“I also share your concerns regarding the use of psychotropic drugs prescribed to children in DJJ’s care,” she wrote.

The topic arose because the committee also heard an update this week from DCF on its policies regarding the use of psychotropics.

In the wake of the 2009 suicide of seven-year-old Gabriel Myers, who was on two medications typically intended for adults, then-Department of Children and Families Secretary George Sheldon ordered a review of the files of all children in out-of-home foster care.

DCF found that at the time, about 13 percent of Florida foster children were on one or more such drugs, as opposed to five percent in the general child population. DCF also found that in more than 16 percent of cases where children were medicated, the agency lacked proper consent from a guardian or judge.

Now, DCF’s director of Family and Community Services, Jamie Self, told the committee, 14.8 percent of kids in out-of-home care are medicated versus six percent in the general population.

The update on psychotropic meds also followed a Senate interim report on crisis stabilization units, in which adults and children who are a danger to themselves are treated. Since the use of children’s CSU beds is low in the more rural parts of Florida, the interim report suggested reducing the number of beds from 202 to 100 and reallocating as much as $7 million to regions with high adult CSU usage.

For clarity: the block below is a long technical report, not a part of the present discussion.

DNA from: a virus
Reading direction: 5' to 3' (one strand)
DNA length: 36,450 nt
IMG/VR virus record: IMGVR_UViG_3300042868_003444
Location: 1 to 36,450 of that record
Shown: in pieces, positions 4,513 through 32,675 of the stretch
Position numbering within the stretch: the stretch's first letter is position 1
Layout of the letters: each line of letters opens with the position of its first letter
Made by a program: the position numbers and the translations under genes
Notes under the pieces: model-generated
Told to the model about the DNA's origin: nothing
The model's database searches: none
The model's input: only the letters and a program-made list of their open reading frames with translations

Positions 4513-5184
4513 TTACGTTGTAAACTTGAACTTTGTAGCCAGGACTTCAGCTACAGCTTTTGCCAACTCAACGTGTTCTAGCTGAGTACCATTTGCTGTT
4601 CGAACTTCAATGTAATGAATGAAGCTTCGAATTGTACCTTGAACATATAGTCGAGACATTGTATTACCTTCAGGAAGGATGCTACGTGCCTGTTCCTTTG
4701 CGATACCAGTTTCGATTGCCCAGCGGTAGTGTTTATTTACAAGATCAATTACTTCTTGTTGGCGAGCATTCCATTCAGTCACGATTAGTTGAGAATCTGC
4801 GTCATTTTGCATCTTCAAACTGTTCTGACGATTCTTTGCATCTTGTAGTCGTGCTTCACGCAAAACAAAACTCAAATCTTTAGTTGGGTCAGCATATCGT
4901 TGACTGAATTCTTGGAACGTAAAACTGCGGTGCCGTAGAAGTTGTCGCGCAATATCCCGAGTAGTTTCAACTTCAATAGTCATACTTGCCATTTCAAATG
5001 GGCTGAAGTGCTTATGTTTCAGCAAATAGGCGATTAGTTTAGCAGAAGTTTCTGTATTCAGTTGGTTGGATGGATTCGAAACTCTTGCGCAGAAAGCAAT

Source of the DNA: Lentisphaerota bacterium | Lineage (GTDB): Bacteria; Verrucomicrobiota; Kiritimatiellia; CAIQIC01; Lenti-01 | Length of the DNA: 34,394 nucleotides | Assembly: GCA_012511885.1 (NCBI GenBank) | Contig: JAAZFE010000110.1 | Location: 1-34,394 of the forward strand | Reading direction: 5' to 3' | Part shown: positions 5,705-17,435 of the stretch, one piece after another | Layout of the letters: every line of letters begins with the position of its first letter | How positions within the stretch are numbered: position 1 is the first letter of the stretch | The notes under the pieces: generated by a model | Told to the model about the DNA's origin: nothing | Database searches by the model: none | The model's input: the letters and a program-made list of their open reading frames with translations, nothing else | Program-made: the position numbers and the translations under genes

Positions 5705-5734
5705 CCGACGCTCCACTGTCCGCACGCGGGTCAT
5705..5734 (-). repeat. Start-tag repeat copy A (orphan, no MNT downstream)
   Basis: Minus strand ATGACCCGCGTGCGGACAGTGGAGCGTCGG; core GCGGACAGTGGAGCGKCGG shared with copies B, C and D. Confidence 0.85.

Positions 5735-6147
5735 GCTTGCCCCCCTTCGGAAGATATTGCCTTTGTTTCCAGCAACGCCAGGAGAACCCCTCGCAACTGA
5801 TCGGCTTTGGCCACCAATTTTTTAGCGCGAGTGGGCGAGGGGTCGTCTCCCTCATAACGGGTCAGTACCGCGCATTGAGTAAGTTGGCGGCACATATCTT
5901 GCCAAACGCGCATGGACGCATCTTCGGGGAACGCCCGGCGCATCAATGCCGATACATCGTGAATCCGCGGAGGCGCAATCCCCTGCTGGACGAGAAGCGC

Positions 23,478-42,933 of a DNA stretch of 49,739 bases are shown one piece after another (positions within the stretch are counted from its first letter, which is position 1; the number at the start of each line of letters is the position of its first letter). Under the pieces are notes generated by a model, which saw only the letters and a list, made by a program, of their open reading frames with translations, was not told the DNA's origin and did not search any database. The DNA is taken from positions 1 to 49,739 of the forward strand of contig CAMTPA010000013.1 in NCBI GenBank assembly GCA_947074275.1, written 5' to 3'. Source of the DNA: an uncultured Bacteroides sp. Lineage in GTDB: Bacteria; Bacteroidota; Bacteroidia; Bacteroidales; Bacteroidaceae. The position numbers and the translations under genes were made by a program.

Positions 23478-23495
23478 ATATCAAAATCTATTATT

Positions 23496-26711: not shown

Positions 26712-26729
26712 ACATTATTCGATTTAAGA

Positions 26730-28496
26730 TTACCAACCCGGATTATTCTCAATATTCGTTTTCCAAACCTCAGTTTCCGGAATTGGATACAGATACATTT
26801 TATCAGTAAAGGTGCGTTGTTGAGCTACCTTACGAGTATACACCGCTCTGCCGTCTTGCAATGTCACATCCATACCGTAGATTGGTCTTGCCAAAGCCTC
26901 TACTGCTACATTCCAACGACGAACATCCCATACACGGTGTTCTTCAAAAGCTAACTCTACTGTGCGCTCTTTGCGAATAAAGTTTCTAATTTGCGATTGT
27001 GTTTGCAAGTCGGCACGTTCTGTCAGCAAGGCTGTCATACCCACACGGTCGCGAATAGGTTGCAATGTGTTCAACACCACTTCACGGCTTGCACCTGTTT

“Maybe the reason we’re having under-utilization is we’re drugging all these kids,” said Storms.

The internal review at DJJ in May coincided with the publishing of articles in the Palm Beach Post that, in addition to pointing to the rates of psychotropic drug use, said that one in three psychiatrists who had contracted with DJJ in the prior five years had taken speaker fees or gifts from companies that make such drugs.

Share this article:


Related Posts

Alexia Nechayev

FYS Events & Meeting Chair
(Palm Beach)

Hello, My name is Alexia Nechayev. I am 25 years old and I am an alumna of Florida International University where I received my B.A. in Psychology. My future career goal is to be a Lawyer. I was in care for about one year from age 17 to 18. Prior to entering care, I only knew about the negative stigma regarding foster care and while in care that narrative was unfortunately my experience.

In school I felt like I was on display because my status in care was broadcast to other students and in my placement behavior was leveraged for “privileges” that should be a natural right of all children. Because I did not know my rights I did not know that what I was experiencing was wrong. Today this is exactly why I advocate, because I don’t want this to be the same for other youth who are experiencing foster care.

This is my second year on the FYS Statewide Board and I’m happy to be the Events and Meetings Chair this year because my main goal through advocacy is to reach as many people as possible. My favorite thing as a board member is to see how comfortable members become while working together. The community needs to know that youth in foster care are real people, going through some of the hardest moments of their life and youth need to know that their voice is powerful. I believe that we have to speak up and bring these issues to people’s attention so that they do not forget us. Advocacy, education and consistency is the only way.

Skip to content